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Sudden Death and Isolated Right Ventricular Noncompaction Cardiomyopathy: Report of 2 Autopsied Adult Cases

Ilyas, Sadaf MD*; Ganote, Charles MD*; Lajoie, Dawn MD; Robertson, Julie MD; Cline-Parhamovich, Karen DO

The American Journal of Forensic Medicine and Pathology: September 2013 - Volume 34 - Issue 3 - p 225–227
doi: 10.1097/PAF.0b013e3182a0a46c
Case Reports

A predominantly right ventricular variant of isolated noncompaction cardiomyopathy is a potentially lethal disease entity, which only recently has become recognized in the clinical and cardiac imaging literature. There are currently few established morphologic criteria for the diagnosis other than right ventricular dilation and presence of excessive regional trabeculation. To date, there have been no autopsy reports of cases following either clinical diagnosis or sudden death. We report 2 adult cases of sudden unexpected death in which unexplained right ventricular dilation and prominent apical hypertrabeculation were the principal findings. The gross and microscopic results suggest pathological similarities between, or coexistence of, right ventricular noncompaction and arrhythmogenic right ventricular cardiomyopathies.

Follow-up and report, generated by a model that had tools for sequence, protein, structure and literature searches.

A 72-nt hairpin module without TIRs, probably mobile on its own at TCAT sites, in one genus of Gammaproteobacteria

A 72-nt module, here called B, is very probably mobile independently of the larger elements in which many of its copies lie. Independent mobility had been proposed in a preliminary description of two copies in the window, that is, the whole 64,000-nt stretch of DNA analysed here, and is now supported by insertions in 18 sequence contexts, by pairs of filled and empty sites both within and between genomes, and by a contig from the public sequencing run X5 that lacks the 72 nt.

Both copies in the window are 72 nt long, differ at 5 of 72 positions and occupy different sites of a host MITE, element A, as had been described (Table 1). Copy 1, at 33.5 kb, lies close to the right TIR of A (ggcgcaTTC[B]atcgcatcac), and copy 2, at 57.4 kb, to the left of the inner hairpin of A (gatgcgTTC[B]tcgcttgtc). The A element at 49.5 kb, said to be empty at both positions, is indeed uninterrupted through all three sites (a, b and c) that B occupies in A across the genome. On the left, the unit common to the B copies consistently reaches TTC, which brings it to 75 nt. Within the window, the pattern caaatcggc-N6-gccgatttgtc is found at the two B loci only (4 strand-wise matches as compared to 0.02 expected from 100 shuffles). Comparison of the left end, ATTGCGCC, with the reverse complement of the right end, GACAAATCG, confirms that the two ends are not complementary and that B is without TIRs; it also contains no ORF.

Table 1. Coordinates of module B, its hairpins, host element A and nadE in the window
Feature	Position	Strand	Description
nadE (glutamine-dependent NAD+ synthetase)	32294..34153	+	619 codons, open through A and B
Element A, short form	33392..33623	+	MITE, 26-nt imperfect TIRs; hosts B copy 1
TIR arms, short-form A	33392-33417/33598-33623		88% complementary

From the *Department of Pathology, Quillen College of Medicine, and †Division of Forensic Pathology, Department of Pathology, Quillen College of Medicine, WLJ Forensic Center, East Tennessee State University; and ‡Department of Pathology, Johnson City Medical Center, Johnson City, TN.

Manuscript received January 2, 2012; accepted October 23, 2012.

The authors report no conflicts of interest.

Reprints: Karen Cline-Parhamovich, DO, East Tennessee State University, Quillen College of Medicine, WLJ Forensic Center, Box 70425, Johnson City, TN 37614. E-mail: clineparhamo@etsu.edu.

© 2013 by Lippincott Williams & Wilkins.